Postcard Poem – Cassiopeia

No. 22 - Special, 1916/1917 Georgia O'Keeffe

No. 22 – Special, 1916/1917
Georgia O’Keeffe

This morning I walked outside well before dawn to lay the Fire for the ceremony. The Equinox. The day was utterly still under the dark trees. Over me in the western sky hung the constellation Cassiopeia. As I prepared the fire, brought the wood and the offerings and the ears of blue corn to speak my gratitude for the summer’s labor, I thought of the stars overhead and I remembered a young man I met some years ago on a foot journey into the canyons of southeast Utah. This, too, an offering to Mystery for the generous gifts given at unexpected times in sometimes the most surprising ways. And so today’s poem:

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About wrensong

I am a poet who collects stones. I am a wanderer of creek beds and forests, canyons and high desert who, coming home, sometimes finds words to tell the story. I am a companion with others in the search for Deep, Wild Soul. I shape containers in time and space for others to come together to write, to tell their stories, to hold each other in the telling. I am a grandmother and the companion of a cat named Alaya. I often travel out into open country with a man who calls himself Dunewalker who has hung his hammock in my heart.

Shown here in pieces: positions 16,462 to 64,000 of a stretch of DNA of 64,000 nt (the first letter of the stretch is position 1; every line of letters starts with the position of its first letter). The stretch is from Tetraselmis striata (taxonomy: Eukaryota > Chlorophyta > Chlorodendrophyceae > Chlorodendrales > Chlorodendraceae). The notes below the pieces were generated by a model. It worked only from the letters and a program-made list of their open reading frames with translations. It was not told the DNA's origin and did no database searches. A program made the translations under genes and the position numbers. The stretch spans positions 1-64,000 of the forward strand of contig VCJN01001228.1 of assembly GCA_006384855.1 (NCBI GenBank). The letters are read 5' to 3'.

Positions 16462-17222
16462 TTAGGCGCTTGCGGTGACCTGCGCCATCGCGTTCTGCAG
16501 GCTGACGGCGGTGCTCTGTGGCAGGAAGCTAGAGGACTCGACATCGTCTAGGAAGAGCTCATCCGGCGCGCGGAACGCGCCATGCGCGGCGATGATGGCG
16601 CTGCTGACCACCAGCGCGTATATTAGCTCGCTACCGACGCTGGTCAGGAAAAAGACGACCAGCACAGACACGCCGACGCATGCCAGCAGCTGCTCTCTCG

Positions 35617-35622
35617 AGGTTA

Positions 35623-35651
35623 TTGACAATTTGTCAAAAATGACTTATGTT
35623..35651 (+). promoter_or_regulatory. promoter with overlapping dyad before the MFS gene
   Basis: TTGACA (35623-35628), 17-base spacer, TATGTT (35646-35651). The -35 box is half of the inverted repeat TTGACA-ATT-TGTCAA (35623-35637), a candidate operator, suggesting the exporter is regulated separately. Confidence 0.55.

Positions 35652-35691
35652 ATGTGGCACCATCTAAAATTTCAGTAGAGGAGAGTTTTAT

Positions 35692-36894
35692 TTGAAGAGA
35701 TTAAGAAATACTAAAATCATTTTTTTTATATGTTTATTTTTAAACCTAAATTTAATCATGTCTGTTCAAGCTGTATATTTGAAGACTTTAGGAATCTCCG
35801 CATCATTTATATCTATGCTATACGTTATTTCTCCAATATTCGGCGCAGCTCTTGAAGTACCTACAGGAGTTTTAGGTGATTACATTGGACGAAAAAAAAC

This entry was posted in Poetry, postcard poems and tagged , . Bookmark the permalink.

2 Responses to Postcard Poem – Cassiopeia

  1. wrensong says:

    So kind. It feels good to share them.

  2. you just don’t miss a beat. every post is a beautifully polished stone. there is no pretense, no forced imagery, no wasted word.

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